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The Small but Mighty American Kestrel — Recovery, Rehabilitation & Research
Nature Canada Blog
by Nature Canada
1M ago
Photo Credit: Ann Brokelman Their plentiful populations are indicators of ecosystem health, but they face numerous threats in urban and rural areas. This ranges from vehicle strikes and collisions with reflective glass windows (a common risk along their migratory paths), to pesticide exposure and habitat loss. Kestrels have adapted well to surviving with the increase of human infrastructure, but some can end up sick, injured or orphaned because of the urban challenges they face. When that happens, Toronto Wildlife Centre (TWC) can help. The registered charity has dedicated the last 31 years ..read more
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The Aptly Named Wood Duck
Nature Canada Blog
by Nature Canada
1M ago
You’ll Know if You’ve Seen a Wood Duck! These are distinct, stunning ducks! The male is a patchwork quilt made up of an iridescent green and chestnut-brown head with a red eye, bright red and yellow on the beak, white-spotted brown chest, delicately patterned buffy belly, blue accents on the wings and bold white markings delineating each area. The female has lovely blue feathers accenting her wings – a “speculum” patch – providing contrast to her primary grey/brown colour, and a lovely white teardrop around the eye complemented by a striking yellow eye-ring. Environment for the America’s has ..read more
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Every Bird Rescued and Rehabilitated is a Victory for Its Species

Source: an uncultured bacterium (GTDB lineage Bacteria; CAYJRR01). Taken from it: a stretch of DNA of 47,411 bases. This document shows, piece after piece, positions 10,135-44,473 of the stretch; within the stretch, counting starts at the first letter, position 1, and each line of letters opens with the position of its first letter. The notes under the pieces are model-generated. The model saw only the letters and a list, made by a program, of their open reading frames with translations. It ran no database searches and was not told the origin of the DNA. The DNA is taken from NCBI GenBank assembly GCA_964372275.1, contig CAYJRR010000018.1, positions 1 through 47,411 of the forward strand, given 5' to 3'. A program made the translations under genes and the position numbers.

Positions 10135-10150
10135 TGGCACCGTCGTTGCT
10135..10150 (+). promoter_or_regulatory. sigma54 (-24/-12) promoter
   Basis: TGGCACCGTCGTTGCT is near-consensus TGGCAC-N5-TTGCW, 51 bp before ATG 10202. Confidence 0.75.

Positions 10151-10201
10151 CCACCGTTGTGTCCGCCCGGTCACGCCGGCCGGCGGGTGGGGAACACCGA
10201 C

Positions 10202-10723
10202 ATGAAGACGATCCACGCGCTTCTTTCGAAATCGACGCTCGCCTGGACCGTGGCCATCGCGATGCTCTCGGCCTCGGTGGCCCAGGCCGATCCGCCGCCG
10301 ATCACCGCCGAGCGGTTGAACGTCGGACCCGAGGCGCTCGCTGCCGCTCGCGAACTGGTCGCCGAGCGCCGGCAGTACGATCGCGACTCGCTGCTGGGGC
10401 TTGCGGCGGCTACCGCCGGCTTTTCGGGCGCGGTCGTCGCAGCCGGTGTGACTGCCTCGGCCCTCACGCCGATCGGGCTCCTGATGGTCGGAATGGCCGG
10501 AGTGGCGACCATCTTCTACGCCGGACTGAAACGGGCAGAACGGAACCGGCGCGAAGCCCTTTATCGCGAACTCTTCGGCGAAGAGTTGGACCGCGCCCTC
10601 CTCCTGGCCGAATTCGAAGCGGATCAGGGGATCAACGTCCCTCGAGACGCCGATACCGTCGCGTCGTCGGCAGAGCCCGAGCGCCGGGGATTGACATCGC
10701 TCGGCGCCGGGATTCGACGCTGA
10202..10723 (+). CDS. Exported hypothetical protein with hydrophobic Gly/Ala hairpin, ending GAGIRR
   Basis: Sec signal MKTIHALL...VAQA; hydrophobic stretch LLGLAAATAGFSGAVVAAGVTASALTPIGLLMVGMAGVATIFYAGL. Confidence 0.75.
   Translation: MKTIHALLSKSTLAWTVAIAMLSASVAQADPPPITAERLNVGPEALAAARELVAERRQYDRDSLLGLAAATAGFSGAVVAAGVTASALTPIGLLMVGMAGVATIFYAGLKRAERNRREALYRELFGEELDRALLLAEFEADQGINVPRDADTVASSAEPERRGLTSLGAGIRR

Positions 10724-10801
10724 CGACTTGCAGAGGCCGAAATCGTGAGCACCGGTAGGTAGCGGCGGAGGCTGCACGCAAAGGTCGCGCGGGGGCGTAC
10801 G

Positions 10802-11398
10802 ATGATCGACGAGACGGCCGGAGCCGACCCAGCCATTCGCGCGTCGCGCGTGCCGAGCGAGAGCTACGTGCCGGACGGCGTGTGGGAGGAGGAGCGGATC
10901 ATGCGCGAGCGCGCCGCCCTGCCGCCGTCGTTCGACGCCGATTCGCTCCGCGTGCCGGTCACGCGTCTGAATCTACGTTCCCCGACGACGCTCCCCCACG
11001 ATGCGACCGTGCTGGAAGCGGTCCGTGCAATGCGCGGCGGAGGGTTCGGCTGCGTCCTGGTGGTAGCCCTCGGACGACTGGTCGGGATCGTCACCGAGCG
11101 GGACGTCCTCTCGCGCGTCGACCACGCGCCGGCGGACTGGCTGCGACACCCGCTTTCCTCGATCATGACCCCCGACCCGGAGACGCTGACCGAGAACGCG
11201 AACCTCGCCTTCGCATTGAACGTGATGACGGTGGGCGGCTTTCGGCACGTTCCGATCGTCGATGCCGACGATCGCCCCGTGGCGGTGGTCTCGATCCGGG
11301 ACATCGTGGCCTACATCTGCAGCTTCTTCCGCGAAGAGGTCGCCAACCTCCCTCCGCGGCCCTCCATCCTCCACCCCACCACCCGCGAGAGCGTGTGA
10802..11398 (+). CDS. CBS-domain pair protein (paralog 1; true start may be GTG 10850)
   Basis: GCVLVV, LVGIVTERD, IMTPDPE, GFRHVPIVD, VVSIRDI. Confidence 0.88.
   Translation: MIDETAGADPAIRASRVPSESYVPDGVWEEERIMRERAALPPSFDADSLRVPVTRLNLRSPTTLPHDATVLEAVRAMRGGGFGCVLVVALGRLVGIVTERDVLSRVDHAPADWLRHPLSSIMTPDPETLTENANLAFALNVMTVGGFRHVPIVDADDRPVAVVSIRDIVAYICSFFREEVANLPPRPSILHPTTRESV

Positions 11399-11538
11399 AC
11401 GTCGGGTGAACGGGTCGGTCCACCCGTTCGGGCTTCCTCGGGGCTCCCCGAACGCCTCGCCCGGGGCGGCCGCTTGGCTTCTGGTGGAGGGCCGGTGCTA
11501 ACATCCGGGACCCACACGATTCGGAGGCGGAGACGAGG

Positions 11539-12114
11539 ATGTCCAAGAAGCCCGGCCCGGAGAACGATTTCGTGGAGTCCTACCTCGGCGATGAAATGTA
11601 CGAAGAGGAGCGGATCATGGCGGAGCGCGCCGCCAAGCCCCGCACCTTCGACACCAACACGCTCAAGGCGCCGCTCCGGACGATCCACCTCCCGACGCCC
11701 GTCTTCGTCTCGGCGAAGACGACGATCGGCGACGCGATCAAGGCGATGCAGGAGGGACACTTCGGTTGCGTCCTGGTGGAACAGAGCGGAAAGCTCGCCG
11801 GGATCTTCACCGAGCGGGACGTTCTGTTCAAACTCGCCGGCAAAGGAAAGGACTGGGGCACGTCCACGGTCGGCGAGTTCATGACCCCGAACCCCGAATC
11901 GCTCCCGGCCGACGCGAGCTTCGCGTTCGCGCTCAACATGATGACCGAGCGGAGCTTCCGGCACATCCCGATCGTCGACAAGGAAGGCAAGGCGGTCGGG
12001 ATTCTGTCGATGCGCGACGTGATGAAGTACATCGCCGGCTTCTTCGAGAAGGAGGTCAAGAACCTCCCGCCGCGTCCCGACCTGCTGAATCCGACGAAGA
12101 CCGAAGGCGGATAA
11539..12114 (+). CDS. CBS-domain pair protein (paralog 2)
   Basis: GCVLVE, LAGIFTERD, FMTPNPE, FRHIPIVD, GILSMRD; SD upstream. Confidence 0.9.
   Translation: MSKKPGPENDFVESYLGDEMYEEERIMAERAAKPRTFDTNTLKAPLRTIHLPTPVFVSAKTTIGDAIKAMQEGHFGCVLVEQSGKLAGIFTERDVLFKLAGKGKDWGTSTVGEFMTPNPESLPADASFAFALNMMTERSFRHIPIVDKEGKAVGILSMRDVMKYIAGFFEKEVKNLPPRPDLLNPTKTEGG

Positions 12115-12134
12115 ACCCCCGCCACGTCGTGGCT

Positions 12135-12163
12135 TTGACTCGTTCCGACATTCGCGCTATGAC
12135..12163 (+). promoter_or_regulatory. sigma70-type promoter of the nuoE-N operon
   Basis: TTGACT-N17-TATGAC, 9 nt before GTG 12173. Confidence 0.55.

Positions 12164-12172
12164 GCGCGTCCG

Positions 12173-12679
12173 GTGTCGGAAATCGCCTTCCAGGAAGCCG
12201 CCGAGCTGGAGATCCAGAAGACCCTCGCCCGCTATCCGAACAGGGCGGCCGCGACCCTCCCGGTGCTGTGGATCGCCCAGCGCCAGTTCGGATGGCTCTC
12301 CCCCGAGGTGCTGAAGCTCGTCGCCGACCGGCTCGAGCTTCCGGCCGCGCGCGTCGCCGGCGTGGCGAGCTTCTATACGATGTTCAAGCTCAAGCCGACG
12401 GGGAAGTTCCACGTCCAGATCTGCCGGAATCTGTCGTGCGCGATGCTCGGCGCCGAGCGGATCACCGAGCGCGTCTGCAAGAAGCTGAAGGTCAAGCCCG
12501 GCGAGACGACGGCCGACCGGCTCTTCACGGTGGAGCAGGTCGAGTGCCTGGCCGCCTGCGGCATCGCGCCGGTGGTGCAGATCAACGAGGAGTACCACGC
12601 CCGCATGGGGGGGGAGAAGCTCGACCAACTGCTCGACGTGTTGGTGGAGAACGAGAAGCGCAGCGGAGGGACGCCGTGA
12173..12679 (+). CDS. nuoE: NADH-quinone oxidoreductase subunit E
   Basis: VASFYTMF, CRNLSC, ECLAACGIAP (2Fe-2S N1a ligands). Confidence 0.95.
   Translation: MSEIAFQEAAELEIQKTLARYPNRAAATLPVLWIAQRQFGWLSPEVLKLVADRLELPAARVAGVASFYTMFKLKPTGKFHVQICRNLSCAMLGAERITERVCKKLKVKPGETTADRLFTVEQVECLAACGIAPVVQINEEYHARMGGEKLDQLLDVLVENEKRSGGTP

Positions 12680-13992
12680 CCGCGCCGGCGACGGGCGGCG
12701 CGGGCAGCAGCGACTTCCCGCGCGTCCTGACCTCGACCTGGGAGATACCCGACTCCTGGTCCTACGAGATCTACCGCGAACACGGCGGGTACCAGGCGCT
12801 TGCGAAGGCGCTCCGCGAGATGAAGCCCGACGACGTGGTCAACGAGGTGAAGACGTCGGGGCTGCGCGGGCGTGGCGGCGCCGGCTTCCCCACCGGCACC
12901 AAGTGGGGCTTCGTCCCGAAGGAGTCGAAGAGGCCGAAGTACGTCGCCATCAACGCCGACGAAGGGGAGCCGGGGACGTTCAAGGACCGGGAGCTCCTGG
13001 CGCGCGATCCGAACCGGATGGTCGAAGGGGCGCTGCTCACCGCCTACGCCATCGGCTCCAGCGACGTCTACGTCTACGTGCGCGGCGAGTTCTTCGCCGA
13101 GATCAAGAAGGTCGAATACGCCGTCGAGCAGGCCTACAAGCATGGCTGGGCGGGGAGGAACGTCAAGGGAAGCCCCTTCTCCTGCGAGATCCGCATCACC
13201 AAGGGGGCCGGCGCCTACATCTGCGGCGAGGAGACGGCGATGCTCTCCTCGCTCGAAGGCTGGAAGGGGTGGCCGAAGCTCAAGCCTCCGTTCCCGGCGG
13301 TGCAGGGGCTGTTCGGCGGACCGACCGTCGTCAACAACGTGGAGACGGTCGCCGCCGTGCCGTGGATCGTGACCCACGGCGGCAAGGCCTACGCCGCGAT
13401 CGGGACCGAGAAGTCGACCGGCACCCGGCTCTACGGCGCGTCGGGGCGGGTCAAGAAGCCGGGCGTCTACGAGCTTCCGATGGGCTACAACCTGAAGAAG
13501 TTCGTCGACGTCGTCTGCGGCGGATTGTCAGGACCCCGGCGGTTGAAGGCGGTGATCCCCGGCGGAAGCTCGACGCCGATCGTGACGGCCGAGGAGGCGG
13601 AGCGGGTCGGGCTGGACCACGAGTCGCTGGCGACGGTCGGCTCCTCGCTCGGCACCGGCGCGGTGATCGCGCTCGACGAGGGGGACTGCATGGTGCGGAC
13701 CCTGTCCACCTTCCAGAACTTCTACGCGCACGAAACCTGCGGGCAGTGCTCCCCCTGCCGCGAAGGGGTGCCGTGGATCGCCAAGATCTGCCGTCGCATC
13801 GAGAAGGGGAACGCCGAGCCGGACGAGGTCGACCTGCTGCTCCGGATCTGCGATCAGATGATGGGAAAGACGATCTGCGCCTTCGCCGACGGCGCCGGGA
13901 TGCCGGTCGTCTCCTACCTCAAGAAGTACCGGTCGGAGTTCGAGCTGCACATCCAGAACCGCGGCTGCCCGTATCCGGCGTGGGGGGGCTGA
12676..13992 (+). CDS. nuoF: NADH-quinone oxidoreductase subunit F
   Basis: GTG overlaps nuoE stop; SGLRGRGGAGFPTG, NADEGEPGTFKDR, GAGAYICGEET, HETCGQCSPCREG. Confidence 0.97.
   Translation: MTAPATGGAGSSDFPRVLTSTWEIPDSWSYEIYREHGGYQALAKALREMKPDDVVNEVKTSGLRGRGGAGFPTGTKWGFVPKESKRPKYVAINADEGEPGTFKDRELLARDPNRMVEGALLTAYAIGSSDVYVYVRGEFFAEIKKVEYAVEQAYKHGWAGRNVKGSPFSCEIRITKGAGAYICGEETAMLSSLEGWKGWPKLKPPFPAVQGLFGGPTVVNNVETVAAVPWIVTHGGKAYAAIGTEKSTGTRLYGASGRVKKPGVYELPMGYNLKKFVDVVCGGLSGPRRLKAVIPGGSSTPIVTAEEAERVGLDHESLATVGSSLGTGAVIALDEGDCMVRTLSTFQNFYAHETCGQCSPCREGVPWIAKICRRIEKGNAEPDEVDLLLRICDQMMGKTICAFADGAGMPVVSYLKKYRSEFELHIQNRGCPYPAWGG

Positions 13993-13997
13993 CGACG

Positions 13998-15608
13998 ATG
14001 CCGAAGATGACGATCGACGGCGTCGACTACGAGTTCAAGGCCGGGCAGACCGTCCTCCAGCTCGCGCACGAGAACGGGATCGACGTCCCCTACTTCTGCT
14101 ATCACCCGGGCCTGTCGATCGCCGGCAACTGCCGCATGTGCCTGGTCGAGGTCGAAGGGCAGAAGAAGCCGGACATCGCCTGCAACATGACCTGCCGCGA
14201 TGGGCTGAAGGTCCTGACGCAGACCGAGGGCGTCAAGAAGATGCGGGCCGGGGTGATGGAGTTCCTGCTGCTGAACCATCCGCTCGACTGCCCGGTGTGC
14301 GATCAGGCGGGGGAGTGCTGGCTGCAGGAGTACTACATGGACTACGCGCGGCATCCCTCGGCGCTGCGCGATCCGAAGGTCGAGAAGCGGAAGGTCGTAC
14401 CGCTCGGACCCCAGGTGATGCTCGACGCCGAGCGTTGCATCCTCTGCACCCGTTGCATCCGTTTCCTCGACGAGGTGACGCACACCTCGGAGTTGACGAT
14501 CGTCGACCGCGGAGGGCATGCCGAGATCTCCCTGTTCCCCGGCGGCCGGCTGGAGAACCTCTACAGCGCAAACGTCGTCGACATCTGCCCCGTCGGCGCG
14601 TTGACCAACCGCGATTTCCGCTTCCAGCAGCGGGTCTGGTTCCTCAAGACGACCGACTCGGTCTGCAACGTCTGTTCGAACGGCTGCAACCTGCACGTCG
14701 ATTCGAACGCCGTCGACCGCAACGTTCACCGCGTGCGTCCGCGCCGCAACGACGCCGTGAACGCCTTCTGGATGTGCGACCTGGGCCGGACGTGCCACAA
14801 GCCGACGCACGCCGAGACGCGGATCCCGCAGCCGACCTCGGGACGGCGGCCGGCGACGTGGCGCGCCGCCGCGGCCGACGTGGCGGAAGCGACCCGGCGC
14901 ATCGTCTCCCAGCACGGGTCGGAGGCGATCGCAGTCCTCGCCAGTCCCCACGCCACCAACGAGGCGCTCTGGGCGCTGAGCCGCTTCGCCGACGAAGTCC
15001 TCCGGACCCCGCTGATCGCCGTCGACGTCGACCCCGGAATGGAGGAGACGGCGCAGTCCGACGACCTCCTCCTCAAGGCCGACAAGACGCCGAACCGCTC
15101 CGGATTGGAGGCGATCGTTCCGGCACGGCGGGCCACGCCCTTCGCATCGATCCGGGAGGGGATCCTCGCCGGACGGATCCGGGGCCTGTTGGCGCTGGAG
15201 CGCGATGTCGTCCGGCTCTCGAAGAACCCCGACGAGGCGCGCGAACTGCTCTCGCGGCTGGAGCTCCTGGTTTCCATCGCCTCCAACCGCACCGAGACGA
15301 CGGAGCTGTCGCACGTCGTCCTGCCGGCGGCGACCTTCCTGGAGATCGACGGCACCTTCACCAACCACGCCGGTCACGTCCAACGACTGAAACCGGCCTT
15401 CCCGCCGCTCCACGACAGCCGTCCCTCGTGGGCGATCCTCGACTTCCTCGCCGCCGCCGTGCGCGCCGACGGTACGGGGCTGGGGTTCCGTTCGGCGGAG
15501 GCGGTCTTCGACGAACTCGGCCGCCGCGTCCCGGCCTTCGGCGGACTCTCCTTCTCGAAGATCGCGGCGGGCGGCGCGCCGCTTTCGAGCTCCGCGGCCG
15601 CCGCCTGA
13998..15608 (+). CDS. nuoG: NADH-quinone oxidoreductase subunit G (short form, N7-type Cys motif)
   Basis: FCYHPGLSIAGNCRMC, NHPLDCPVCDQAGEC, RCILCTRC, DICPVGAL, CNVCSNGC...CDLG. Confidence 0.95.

Nature Canada Blog
by Nature Canada
1M ago
Cliff Swallows are social birds that forage and migrate in flocks, consisting of hundreds of cooperative individuals. They also construct their nests side-by-side in colonies that can have thousands of active nests at a time. Observing a colony of nesting Cliff Swallows, from a respectful distance, as hundreds of parents fly back and forth to feed their hungry young is truly a fascinating experience. You might be surprised to know that you could be driving past one of these colonies on your way to work without even realizing it! Cliff Swallows are skilled masons who build gourd-shaped nests ..read more
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Nature Network Showcase: Raincoast Conservation Foundation — Advocating for Wild Salmon and Killer Whale Conservation Measures
Nature Canada Blog
by Nature Canada
1M ago
Raincoast Conservation Foundation (Raincoast) is a team of conservationists and scientists empowered by research to protect the lands, waters, and wildlife of coastal British Columbia. We use rigorous, peer-reviewed science and community engagement to further our conservation objectives. We call this approach informed advocacy. As a charitable, non-profit conservation science organization that operates a research lab at the University of Victoria, a land trust, a conservation genetics lab, and a research/sailing vessel, we are unique in Canada. Our organizational mandate is Investigate. Infor ..read more
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Nature Network Showcase: Coastal Action — Working for Nature in Nova Scotia
Nature Canada Blog
by Nature Canada
1M ago
My name is Taylor Wilson, and I am the Species at Risk and Biodiversity Team Lead at Coastal Action located in Nova Scotia, Canada. Coastal Action, established in December 1993, is a charitable, research-based organization that addresses environmental concerns in Atlantic Canada, mainly within the Kespukwitk (South Shore) region of Nova Scotia. Our goal is to promote the restoration, enhancement, and conservation of our environment through research, education, action, and community engagement for future generations. Coastal Action is currently tackling many environmental issues that fall unde ..read more